McMillian-Price 1.39 reduced to 1.34 (-0.05)
Yancy 5 reduced to 4.5 (-0.50)
McMillian-Price 4.16 reduced to 3.95 (-0.21)
Yancy 2.92 reduced to 1.58 (-1.34)
McMillian-Price 1.19 reduced to 1.10 (-0.09)
Yancy 9.8 reduced to 7.57 (-2.23)
McMillian-Price 4.95 reduced to 4.88 (-0.06)
The question begs - why are we still bent on LDL cholesterol as an end-all-be-all marker of improvement or reduction of risk? It's clear from the data above that subjects experienced greater overall improvements following the low-carbohydrate diet than they did following the high carbohydrate-low GI diet that was also low in fat and protein.
It's pretty easy to do the math - McMillian et al provided 22% of calories a fat (36g in 1417 calories) and Yancy et al provided 59.3% of calories as fat (93.5g in 1418 calories).
The subjects in Yancy et al consumed not only relatively more fat (percentage of calories), but absolutely more fat (grams consumed daily) - they ate 3-times the fat as those in McMillian et al. In fact, those in the Yancy et al study consumed more fat than the average American does each day if the American Heart Association numbers are correct at 81.4g total fat per day per person!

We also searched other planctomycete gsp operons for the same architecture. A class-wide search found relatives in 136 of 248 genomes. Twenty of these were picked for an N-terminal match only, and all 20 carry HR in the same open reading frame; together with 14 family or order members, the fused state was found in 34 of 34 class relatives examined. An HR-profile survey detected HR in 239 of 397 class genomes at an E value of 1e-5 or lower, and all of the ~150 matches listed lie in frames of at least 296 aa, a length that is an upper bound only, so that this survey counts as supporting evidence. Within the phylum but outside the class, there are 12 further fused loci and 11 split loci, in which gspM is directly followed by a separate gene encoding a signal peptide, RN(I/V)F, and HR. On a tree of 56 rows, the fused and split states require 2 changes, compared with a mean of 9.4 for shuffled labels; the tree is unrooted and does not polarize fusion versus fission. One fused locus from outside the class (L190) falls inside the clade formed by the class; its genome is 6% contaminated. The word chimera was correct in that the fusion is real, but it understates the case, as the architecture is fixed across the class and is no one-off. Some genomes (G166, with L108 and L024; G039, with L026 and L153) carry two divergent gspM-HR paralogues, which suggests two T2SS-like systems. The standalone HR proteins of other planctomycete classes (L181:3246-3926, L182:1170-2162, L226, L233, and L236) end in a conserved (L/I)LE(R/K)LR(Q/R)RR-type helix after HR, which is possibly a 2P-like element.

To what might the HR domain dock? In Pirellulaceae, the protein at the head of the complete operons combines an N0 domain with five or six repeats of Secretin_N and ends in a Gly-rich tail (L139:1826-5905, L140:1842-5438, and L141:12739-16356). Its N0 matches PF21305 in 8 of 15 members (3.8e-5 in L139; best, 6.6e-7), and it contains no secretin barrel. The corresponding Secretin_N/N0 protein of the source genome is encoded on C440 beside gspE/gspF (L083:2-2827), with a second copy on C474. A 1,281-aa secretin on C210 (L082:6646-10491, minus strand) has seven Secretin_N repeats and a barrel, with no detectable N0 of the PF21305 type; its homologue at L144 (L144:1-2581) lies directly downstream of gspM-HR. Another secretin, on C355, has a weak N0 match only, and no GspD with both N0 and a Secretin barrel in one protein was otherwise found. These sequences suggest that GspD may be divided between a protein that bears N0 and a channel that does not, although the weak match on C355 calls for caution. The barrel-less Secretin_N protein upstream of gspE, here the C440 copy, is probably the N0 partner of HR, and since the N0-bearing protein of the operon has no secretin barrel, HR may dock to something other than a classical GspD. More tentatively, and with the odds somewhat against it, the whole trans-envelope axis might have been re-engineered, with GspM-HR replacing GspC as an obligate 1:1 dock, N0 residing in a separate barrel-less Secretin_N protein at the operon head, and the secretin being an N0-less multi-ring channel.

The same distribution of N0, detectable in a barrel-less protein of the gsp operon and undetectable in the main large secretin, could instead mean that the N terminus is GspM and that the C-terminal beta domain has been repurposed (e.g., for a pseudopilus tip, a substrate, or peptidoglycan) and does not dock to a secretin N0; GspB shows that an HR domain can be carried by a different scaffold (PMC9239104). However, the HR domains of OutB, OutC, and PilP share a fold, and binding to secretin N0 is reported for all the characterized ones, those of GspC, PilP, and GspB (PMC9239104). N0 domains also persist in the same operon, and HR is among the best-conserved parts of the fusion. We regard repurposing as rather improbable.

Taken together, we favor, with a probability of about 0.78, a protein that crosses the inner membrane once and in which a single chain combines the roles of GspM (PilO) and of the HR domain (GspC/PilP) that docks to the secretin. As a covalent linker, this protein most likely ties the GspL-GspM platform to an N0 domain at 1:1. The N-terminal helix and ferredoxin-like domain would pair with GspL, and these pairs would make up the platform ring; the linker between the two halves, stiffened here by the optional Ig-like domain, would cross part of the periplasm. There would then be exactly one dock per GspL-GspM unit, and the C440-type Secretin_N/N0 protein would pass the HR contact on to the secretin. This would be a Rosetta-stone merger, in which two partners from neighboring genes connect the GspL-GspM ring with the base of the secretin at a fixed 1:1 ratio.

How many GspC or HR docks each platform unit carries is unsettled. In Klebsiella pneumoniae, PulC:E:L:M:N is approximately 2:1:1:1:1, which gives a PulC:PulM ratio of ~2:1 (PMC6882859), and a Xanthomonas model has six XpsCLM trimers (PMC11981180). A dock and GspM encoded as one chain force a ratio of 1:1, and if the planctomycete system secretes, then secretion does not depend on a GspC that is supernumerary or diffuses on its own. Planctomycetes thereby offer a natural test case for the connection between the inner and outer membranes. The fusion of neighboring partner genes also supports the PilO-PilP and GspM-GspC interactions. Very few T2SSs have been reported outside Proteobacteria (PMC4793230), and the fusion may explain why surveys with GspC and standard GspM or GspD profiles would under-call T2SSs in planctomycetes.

They ate more fat and still had greater improvements in the broader list of risk markers, except their LDL increased slightly.
But, after decades of being told it's the dietary fat we must reduce (with no convincing data), we're now seeing a transition in the message to eat a diet that is low in fat and low GI, but still rich with carbohydrate. Aside from both diets offering the ability to lose weight, the data above clearly shows that after twelve weeks, other than LDL cholesterol levels, no other significant improvements were found in subjects following the high-carbohydrate/low-GI/low-fat diet.
While it is politically correct to reach such a conclusion, it's again a great example of how dogma can over-ride hard data. Shouldn't a conclusion of "optimized" reduction of cardiovascular risk also include HDL? Triglycerides? Glucose? Insulin? TC:HDL ratio? TG:HDL ratio?
The hard data here is that none of the four dietary interventions McMillian et al investigated did much of anything in twelve weeks other than allow for some weight loss and two of the four resulted in a reduction in LDL.
Simply put - that's not enough time nor improvement to make a sweeping and strong conclusion that a high carbohydrate, low-GI diet (the one that reduced LDL the most) optimizes cardiovascular risk reduction!